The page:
By Garrondo (Own work) [CC BY-SA 3.0 or GFDL], via Wikimedia Commons

Desert Seeds

Father Charles would go deeper and deeper into the desert, not to avoid people but to get closer to Christ and to witness to those who did not know Christ. He planted seeds of silence and witness that sprang up as a spiritual Family centering on Jesus, his “beloved Brother.” Today his spiritual family, the Little Brothers and Sisters of Jesus, focus on three aspects of our Lord’s life: his hidden life in Nazareth, his stay in the wilderness, and his three-year ministry. Father Voillaume, an early follower of de Foucauld, wrote his biography, The Seeds of the Desert. In this book he highlights the vocation of every Christian to a life of friendship with God, and the path to take in order to lead a contemplative life “at the heart of the world.”

Pope Francis tells us that Charles de Foucauld entered into the mystery of the family of Nazareth, “into its quiet daily life, not unlike that of most families, with their problems and their simple joys, a life marked by serene patience amid adversity, respect for others, a humility which is freeing and which flowers in service, a life of fraternity rooted in the sense that we are all members of one body.”[5]  For Charles the “ordinariness” of Jesus’ hidden life was a divine sign of the way we are to live our lives, “To lead in the Sahara the hidden life of Jesus at Nazareth, not in order to preach, but to live in solitude, the poverty and the humble work of Jesus.” This life of simplicity is his message to us, doing our daily work for love for God and loving others. “My apostolate must be the apostolate of goodness,” wrote Charles.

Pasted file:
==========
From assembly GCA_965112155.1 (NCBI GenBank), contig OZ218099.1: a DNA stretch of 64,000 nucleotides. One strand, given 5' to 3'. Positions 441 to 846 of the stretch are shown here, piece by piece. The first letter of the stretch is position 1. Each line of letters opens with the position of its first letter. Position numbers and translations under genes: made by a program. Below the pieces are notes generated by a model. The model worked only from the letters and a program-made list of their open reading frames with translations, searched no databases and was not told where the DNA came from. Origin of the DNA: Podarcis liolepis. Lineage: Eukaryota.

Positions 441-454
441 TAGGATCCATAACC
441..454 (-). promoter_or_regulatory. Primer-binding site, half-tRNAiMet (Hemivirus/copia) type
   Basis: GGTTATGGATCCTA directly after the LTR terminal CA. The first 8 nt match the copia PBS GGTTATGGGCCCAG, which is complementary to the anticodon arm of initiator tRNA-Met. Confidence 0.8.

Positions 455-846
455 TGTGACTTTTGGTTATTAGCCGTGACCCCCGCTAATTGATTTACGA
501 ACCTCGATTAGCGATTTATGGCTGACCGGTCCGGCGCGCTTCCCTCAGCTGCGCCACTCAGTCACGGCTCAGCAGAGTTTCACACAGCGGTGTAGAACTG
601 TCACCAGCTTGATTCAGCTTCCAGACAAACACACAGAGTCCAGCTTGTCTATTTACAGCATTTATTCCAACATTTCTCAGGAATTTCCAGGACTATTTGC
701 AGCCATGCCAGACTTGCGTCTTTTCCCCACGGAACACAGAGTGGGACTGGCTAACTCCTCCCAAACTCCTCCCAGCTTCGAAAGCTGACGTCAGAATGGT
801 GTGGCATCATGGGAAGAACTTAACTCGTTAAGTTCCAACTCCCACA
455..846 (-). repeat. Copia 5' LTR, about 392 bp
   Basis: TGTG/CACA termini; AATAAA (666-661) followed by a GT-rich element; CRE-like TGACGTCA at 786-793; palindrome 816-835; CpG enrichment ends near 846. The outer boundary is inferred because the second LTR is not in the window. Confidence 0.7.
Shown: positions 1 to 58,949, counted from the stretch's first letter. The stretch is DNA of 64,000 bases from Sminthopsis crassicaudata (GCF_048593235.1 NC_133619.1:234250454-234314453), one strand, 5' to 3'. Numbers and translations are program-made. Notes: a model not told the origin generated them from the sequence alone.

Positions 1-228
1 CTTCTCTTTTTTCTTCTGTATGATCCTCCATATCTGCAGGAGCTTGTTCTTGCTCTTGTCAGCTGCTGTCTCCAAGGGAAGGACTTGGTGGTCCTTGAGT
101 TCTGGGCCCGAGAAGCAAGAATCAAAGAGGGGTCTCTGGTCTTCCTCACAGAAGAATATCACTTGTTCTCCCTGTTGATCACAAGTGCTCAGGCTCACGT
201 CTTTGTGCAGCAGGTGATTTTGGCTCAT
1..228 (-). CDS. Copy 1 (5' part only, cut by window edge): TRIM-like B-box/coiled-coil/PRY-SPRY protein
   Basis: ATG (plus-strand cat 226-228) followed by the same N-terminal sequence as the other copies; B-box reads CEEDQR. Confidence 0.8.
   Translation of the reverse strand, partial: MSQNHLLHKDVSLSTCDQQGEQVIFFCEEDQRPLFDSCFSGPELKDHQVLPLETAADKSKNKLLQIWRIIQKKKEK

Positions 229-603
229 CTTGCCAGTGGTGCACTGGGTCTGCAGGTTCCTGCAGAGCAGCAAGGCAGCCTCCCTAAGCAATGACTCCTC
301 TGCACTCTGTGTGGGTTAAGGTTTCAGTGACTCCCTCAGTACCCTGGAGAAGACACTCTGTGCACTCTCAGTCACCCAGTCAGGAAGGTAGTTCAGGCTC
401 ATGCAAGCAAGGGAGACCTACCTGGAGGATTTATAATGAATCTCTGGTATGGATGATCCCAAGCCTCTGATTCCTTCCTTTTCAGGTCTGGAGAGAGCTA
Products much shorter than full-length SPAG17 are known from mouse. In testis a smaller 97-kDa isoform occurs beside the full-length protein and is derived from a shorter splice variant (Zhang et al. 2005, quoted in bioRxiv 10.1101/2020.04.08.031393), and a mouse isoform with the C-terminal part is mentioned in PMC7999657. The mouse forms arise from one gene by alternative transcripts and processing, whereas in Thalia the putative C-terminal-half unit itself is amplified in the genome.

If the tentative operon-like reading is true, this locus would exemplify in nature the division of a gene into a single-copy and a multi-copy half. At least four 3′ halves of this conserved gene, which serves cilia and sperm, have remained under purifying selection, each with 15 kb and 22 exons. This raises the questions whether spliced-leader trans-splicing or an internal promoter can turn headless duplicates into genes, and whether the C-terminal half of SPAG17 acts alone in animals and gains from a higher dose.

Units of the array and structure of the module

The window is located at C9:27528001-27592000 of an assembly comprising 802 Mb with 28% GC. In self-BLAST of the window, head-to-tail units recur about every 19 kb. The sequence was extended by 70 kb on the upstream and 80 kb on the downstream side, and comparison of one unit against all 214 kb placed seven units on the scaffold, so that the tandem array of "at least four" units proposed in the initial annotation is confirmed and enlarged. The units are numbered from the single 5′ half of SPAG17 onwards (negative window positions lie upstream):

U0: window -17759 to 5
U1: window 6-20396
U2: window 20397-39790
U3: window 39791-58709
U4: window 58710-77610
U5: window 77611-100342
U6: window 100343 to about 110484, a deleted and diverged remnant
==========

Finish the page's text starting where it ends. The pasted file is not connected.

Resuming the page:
"The mystery of Nazareth" by Sr. Margaret Kerry, fsp (CatholicMom.com)

By Jean-Louis Zimmermann [CC BY 2.0], via Wikimedia Commons

The feast day of Blessed Charles de Foucauld is December 1st. It was on the 1st of December in 1916 that de Foucauld was dragged from his fortress by a gang of armed bandits. They intended to kidnap him but where disturbed by two guardsmen. One startled fifteen year old bandit shot him through the head, killing him instantly. His murder was witnessed by his sacristan an African Arab former slave liberated and instructed by de Foucauld. Charles was beatified by Pope Benedict XVI on November  2005. He is recognized as a martyr. Père Charles is a modern desert father, an explorer of the soul who became a martyr for love.

[1] http://www.charlesdefoucauld.org/en/biographie.php

[2] CF Pope Emeritus Benedict XVI

[3] De Foucauld, Spiritual Biography, pg. 9

[4] Charles de Foucauld, The Silent Witness, 21.

[5] Prayer vigil for the Synod on the Family, 2015.

 

The hymn “Spirit Seeking Light & Beauty” was written by English Roman Catholic convert, Sacred Heart sister and educator Janet Erskine Stuart, Mother Janet Stuart RSCJ (1857 – 1914).


Copyright 2017 Sr. Margaret Kerry, fsp

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About Author

A Daughter of St. Paul for 40 years Sr. Margaret continues to pursue new ways to proclaim the Gospel: sharing the Pauline Charism with the laity, writing books (St. Anthony of Padua: Fire & Light; Strength in Darkness: John of the Cross; Prayers for the New Evangelization), & through direct evangelization. She is available for workshops on the Vocation & Mission of the Laity, Media Literacy, and The New Evangelization. [email protected]